Texas resumes executions after five months following coronavirus shutdown

Rebecca Speare-Cole
·2-min read
Billy Joe Wardlow has been executed: AP
Billy Joe Wardlow has been executed: AP

Texas has resumed carrying out the death penalty after delaying executions for five months due to the coronavirus pandemic.

Billy Joe Wardlow, 45, was given the lethal injection on Wednesday evening.

He was convicted of the killing of 82-year-old Carl Cole at his home in Cason, about 130 miles east of Dallas in the East Texas piney woods in June 1993.

The US Supreme Court declined to stop the execution at the state penitentiary in Huntsville.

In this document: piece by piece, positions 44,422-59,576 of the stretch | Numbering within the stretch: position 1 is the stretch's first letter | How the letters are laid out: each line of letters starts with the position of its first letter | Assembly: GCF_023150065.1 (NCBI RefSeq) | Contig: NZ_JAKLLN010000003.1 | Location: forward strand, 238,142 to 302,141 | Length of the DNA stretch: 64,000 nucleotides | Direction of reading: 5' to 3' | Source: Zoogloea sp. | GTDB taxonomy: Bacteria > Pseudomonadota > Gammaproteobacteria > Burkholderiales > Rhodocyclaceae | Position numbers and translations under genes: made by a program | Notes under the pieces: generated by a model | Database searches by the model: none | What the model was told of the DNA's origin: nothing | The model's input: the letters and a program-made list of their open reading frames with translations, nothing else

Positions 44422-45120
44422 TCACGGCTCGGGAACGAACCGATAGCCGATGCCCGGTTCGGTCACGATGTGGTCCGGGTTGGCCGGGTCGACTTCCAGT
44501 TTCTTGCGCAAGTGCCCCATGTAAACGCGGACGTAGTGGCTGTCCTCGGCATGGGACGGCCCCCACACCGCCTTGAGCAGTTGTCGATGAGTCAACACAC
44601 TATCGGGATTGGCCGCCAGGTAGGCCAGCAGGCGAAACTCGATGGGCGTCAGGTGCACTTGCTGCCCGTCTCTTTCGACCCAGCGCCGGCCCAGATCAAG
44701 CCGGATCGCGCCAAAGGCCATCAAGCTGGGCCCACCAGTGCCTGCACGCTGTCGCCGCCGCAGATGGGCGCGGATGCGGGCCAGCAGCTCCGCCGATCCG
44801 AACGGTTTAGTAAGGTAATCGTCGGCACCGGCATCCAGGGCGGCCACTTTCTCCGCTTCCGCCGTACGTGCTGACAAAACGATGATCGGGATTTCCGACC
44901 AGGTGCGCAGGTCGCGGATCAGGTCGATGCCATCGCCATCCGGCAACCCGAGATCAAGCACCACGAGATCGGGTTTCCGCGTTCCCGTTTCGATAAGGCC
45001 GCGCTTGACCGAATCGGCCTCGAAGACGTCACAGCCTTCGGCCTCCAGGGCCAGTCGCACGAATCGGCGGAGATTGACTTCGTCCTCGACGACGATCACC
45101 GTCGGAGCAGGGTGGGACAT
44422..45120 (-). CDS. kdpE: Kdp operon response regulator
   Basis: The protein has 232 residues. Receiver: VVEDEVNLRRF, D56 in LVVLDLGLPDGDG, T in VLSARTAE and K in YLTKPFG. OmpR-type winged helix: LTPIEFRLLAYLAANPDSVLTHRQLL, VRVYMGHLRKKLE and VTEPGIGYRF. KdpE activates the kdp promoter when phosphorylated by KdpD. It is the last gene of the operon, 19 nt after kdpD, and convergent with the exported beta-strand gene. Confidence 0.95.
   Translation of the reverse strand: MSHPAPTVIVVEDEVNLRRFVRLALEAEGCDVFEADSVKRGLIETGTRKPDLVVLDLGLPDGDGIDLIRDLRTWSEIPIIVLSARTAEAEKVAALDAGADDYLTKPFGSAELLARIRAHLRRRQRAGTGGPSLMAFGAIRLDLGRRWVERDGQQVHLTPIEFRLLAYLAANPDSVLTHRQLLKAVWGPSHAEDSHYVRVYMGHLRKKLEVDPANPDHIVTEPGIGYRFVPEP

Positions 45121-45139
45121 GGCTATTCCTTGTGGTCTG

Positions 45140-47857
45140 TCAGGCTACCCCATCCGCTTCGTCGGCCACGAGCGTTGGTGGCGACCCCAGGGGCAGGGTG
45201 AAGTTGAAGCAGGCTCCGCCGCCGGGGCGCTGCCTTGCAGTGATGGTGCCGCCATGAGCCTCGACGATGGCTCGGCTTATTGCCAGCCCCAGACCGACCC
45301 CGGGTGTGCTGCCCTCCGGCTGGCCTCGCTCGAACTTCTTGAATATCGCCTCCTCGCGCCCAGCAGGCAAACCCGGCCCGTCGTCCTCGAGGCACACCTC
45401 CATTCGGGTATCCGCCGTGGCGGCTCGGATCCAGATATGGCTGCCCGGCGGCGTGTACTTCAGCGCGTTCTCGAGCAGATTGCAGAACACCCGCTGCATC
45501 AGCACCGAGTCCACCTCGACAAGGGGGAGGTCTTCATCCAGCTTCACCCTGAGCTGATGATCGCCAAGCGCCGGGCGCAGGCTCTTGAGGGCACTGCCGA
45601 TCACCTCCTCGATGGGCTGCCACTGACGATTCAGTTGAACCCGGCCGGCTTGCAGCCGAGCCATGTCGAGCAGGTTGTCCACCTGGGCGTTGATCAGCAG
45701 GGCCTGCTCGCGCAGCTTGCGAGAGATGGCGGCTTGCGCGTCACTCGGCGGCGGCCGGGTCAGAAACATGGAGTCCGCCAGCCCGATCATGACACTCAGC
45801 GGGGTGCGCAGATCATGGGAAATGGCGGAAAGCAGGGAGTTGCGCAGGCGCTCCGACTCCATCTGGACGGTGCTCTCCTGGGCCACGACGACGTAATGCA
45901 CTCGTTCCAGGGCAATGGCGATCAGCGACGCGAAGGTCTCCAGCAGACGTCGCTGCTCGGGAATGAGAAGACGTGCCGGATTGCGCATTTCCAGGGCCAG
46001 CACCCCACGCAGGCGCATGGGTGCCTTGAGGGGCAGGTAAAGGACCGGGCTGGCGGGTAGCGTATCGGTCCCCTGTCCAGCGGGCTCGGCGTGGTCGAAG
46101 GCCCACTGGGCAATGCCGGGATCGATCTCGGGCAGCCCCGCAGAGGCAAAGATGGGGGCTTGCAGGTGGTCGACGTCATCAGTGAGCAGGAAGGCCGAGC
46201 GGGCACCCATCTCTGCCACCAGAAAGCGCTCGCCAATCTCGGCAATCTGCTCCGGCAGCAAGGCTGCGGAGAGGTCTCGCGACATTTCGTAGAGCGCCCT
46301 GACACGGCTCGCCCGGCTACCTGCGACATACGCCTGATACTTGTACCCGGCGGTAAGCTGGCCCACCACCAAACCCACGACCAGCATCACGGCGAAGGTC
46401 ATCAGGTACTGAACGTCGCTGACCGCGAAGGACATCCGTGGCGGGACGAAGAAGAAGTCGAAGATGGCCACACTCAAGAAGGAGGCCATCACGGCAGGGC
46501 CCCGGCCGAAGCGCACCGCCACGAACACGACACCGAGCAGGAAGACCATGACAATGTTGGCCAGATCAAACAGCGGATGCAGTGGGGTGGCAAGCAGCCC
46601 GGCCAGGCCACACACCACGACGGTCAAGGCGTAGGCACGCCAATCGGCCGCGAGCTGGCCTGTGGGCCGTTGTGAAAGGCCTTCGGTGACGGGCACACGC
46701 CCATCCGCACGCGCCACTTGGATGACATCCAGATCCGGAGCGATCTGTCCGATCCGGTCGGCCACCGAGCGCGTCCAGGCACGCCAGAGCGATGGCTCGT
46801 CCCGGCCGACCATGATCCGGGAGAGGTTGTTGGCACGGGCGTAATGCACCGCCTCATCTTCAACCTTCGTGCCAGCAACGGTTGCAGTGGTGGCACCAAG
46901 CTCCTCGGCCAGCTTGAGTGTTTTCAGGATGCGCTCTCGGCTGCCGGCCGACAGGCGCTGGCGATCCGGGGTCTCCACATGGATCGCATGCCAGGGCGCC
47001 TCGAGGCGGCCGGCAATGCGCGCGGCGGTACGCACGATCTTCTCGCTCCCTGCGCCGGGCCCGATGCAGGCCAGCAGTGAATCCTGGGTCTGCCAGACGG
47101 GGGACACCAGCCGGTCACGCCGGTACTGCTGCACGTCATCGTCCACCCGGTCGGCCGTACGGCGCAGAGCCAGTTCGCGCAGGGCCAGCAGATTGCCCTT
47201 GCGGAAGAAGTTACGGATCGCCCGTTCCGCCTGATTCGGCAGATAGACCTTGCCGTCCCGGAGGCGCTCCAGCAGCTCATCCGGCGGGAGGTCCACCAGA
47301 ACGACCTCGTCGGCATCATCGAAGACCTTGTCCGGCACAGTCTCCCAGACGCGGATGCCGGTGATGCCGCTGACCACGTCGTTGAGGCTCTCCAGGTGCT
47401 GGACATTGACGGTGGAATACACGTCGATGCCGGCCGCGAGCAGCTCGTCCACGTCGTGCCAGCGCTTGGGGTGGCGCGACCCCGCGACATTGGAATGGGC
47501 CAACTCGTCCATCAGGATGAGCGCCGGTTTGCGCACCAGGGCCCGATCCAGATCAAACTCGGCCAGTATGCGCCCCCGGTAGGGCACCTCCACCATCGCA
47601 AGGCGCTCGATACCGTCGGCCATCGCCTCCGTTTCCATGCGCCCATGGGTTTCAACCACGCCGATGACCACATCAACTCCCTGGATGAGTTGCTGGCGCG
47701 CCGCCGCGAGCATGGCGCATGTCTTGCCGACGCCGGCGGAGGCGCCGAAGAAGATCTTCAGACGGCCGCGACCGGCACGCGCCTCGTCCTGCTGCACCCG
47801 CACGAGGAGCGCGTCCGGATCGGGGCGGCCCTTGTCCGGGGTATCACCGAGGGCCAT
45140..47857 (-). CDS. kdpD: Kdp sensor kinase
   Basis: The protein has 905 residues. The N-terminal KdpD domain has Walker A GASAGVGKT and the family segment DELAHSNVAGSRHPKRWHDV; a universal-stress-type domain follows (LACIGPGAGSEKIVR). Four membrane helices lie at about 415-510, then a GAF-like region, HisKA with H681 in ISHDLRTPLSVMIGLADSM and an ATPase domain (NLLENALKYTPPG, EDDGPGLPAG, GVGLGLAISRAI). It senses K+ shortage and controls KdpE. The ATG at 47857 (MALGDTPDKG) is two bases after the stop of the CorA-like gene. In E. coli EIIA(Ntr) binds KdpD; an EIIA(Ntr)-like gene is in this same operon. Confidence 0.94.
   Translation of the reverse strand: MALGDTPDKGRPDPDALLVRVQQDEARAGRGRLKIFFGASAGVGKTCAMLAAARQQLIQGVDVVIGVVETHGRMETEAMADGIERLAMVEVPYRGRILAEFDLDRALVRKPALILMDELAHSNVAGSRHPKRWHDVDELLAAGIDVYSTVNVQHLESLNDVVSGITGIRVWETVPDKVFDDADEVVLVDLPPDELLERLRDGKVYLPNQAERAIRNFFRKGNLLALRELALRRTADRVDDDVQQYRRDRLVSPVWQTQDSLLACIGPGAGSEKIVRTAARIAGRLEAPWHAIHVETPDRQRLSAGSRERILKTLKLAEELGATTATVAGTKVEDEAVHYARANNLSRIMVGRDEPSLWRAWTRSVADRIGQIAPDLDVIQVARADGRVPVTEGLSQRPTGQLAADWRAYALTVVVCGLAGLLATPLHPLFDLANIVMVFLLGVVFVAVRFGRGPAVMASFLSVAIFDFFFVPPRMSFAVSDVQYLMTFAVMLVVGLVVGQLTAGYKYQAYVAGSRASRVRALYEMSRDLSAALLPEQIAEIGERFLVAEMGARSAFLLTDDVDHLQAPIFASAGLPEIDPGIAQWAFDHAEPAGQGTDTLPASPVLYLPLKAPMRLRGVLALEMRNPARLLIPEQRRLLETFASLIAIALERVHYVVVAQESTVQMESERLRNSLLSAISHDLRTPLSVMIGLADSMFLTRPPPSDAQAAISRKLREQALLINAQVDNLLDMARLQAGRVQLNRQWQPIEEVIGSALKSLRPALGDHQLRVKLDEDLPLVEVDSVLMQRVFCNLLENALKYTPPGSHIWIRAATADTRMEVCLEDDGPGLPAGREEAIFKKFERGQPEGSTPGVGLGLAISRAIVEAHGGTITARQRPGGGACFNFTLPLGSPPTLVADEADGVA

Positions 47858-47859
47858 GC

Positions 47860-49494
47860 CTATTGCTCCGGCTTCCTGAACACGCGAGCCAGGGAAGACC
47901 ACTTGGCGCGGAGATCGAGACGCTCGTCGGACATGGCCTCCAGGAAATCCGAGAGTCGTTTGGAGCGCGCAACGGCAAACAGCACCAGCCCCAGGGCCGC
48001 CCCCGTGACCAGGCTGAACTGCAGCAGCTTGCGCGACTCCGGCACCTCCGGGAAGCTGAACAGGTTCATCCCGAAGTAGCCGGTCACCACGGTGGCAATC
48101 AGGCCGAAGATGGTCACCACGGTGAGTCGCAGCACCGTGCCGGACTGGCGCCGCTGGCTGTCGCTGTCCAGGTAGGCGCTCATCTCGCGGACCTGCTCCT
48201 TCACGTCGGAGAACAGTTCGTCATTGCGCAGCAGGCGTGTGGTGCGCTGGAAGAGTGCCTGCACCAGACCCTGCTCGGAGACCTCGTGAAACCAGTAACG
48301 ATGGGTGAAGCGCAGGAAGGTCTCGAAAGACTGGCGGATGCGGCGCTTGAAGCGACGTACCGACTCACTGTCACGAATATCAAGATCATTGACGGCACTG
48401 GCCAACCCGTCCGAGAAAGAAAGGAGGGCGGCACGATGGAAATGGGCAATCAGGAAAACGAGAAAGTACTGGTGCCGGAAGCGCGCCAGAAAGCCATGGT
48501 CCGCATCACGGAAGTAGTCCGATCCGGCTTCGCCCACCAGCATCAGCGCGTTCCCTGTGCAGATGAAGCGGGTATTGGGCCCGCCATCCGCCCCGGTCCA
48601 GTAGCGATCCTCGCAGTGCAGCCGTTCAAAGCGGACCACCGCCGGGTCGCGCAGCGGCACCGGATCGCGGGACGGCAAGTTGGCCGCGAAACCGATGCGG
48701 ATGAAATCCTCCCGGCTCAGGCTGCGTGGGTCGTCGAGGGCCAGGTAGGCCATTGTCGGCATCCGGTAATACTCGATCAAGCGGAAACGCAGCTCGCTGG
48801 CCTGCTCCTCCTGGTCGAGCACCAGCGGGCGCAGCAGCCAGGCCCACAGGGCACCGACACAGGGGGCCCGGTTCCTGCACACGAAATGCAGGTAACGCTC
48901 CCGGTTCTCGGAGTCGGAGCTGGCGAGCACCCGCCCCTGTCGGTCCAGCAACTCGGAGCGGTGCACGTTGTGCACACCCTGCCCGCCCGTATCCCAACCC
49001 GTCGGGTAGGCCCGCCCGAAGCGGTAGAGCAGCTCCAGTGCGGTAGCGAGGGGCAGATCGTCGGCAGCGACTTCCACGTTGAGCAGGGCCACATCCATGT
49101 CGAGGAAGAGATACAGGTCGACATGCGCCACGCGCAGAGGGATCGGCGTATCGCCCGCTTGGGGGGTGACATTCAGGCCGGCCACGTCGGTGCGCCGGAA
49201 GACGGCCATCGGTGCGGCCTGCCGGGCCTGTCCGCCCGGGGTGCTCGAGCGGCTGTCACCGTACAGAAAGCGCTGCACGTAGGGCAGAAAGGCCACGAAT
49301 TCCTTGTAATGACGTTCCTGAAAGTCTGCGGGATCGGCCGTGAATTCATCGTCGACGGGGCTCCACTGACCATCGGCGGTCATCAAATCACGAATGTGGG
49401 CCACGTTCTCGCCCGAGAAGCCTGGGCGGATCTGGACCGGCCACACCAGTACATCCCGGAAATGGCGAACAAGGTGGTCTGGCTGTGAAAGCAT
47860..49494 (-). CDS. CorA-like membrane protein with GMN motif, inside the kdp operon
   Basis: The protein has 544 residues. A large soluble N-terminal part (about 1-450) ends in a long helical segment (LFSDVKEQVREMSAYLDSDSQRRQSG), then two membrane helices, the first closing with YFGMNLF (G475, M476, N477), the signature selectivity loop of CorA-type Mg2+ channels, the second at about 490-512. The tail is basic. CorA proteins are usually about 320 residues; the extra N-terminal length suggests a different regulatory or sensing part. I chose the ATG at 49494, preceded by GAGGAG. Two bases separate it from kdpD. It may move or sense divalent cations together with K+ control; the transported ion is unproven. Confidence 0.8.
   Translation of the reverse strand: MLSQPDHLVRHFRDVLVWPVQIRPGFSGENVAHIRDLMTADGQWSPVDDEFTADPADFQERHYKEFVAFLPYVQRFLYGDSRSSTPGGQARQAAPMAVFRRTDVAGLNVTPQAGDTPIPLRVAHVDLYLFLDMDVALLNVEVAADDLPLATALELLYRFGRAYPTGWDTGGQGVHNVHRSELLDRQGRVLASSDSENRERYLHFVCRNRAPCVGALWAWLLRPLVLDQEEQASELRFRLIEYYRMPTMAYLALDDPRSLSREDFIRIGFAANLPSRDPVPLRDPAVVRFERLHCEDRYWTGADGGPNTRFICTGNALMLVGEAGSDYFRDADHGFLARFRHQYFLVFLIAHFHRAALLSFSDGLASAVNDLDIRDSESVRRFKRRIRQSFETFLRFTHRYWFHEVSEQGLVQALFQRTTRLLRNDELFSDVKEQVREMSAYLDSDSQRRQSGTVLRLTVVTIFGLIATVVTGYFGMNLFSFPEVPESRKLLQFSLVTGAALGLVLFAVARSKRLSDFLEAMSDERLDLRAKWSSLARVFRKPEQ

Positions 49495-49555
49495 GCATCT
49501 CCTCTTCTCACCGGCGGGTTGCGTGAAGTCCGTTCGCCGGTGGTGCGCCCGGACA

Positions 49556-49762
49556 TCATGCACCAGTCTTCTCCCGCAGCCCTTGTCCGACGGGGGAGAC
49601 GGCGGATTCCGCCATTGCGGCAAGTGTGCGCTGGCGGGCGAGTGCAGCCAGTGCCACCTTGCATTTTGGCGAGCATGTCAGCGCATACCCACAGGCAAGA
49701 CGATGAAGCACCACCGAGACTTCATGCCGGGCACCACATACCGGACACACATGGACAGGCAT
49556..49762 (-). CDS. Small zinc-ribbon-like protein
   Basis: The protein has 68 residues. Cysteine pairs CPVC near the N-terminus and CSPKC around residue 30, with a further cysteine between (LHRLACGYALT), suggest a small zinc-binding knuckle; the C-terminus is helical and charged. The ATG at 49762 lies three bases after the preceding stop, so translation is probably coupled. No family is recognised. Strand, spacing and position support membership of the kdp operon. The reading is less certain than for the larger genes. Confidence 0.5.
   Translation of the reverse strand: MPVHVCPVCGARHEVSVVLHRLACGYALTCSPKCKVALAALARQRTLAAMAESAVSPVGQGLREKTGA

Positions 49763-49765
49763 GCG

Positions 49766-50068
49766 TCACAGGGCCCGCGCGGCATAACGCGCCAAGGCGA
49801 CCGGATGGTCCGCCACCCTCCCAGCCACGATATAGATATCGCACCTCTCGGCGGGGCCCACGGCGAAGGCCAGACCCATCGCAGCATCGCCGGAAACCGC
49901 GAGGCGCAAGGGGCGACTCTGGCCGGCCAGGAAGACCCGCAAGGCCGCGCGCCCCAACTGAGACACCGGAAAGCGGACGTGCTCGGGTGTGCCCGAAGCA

Wardlow was the first inmate in Texas to receive a lethal injection since February 6.

He is also the second in the US since the nation began reopening following pandemic-related shutdowns.

Strapped to the death chamber gurney, Wardlow declined to make a final statement when asked by the warden.

A judge had moved Wardlow’s execution date from April 29 to Wednesday after Morris County District Attorney Steve Cowan requested the change citing the statewide disaster declaration due to the virus.

In Texas, the number of confirmed Covid-19 virus cases and hospitalisations have risen in recent weeks.

But state prison officials say safety measures they have put in place will help executions to proceed.

Texas is the busiest death penalty state in the US.

Execution witnesses were given masks and gloves, all prison officers and officials wore masks but Wardlow did not have one.

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